It has been disappointing to see the Printz Award virtually ignored by the media who manages to cover the Newbery and Caldecott. I did note that USA Today and some other papers at least noted the winner of the Printz, but nowhere I have I seen interviews with John Green about LOOKING FOR ALASKA.

I wonder how to catch the interest of the media. After all, they seem to focus only on the recent spate of censorship cases. Why not a focus on the great new award winning books and the readers that are being nurtured by their availability? I wonder if ALSC could assist YALSA here and request that the Printz winner be included in the press events? I know we are the new kids on the block, but the Printz deserves some more recognition.

BTW, thanks to the hardy YA folks who stood outside the Today Show window and waved copies of ALASKA! Maybe more of us can plan a trip to the Big Apple for next year?

Posted by Teri Lesesne

About Teri Lesesne

I am a professor of YA lit in the department of library science at SHSU in Texas. I am an active YALSA member, an author of two professional books, a blogger, and a grandmother of 6. I am on the Printz 2010 Committee and the YALS Editorial Board currently. I have also served on the QP, Edwards, and Odyssey Committees.

3 Thoughts on “Some recognition for the Printz

  1. paula brehm heeger [Visitor] on February 18, 2006 at 7:04 am said:

    Hi Teri:

    I think talking to ALSC is an excellent idea!

    Even among librarians focusing on service to teens, I’m sometimes surprised by the lack of recognition/acknowledgement given to Printz.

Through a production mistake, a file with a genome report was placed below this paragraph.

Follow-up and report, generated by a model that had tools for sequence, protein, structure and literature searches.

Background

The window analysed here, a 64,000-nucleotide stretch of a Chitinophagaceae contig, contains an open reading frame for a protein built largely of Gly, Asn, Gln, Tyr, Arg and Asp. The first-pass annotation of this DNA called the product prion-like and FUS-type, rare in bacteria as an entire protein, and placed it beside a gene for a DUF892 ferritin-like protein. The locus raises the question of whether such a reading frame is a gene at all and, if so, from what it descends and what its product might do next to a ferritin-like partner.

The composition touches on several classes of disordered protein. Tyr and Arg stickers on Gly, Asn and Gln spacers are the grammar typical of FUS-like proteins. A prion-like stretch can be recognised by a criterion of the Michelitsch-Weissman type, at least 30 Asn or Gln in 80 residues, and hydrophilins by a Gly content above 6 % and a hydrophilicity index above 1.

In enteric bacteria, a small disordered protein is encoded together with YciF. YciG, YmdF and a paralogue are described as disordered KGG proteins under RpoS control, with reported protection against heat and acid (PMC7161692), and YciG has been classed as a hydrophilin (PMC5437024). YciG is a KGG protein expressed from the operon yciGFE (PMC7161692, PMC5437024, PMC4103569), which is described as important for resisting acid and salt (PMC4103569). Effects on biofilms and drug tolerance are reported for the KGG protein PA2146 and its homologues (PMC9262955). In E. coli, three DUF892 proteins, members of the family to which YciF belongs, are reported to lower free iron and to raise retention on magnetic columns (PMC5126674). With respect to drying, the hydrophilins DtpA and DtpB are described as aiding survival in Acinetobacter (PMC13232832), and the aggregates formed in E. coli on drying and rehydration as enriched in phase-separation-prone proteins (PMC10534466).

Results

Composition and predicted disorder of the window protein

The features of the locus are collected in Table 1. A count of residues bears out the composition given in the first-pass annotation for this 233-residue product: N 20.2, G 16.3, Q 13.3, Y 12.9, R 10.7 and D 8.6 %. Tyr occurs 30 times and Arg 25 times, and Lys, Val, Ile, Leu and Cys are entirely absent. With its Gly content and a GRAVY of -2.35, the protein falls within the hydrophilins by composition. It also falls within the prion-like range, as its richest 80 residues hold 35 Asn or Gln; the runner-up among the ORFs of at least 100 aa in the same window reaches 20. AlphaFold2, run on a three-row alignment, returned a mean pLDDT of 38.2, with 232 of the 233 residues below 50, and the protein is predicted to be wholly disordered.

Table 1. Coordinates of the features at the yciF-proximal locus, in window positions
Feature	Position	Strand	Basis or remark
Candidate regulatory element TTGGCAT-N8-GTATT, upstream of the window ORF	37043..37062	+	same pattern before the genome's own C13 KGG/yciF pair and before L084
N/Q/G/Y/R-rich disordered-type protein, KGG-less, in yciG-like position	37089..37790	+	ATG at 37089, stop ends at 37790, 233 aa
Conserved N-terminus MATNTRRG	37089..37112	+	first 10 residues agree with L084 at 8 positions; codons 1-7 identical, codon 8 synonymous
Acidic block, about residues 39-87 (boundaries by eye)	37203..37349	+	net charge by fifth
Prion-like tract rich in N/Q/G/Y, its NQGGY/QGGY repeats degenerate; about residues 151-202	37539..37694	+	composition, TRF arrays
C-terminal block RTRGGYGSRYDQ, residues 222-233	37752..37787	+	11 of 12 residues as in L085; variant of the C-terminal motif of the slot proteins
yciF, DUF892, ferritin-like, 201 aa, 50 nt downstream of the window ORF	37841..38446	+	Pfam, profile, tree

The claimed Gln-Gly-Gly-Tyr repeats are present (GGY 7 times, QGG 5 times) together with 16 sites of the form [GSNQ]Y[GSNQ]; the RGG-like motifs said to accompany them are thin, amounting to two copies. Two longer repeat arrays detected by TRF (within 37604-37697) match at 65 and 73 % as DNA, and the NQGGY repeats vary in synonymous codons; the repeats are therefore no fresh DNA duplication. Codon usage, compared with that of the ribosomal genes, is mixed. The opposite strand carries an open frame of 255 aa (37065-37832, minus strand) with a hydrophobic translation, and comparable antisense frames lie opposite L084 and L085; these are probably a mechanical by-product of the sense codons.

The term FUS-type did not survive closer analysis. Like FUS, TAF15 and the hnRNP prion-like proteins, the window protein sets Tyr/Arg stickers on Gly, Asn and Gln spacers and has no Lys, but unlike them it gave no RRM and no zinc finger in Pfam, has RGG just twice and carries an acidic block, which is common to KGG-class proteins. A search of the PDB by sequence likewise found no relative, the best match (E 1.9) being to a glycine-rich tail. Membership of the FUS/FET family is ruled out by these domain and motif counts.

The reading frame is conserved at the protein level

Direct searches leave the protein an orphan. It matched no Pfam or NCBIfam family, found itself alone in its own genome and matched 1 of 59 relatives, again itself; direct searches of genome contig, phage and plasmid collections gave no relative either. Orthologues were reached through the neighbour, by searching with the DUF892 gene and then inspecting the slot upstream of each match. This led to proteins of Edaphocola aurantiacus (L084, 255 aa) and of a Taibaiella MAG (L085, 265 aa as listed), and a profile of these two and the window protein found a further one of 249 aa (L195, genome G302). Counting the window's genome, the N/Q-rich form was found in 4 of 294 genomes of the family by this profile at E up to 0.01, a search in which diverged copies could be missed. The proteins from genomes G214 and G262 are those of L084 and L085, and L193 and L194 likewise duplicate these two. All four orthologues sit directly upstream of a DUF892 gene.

This is definitely a case where I think we need to “act locally,” brining the winners and honor books into discussions with other professions – librarians and teachers – every chance we can. Here in my neck of the woods, I coordinate a teen lit. reading group for the regional library association/consortium and we do a yearly session called “Shoulda been a winner” right after midwinter. The group talks not only about the winner, but about a range of literature, focusing on how everyone’s selections fit the Printz criteria. It’s a great way to highlight both that year’s winning title and to touch on what the Printz is really all about through practical examples and discussions.

    Then again, we could just mob the Today Show next year!

  2. Actually, Ellen Fader, President of ALSC was more than willing to promote the Printz Award on the Today Show but wasn’t given the opportunity to do so. The Today Show is interested in the Newbery and Caldecott winners and pretty much controls the topics discussed. A better option is to find another national news program that might be interested in the Printz, or as Paula mentioned, continue to act locally.

  3. We need to get Oprah on board.

Post Navigation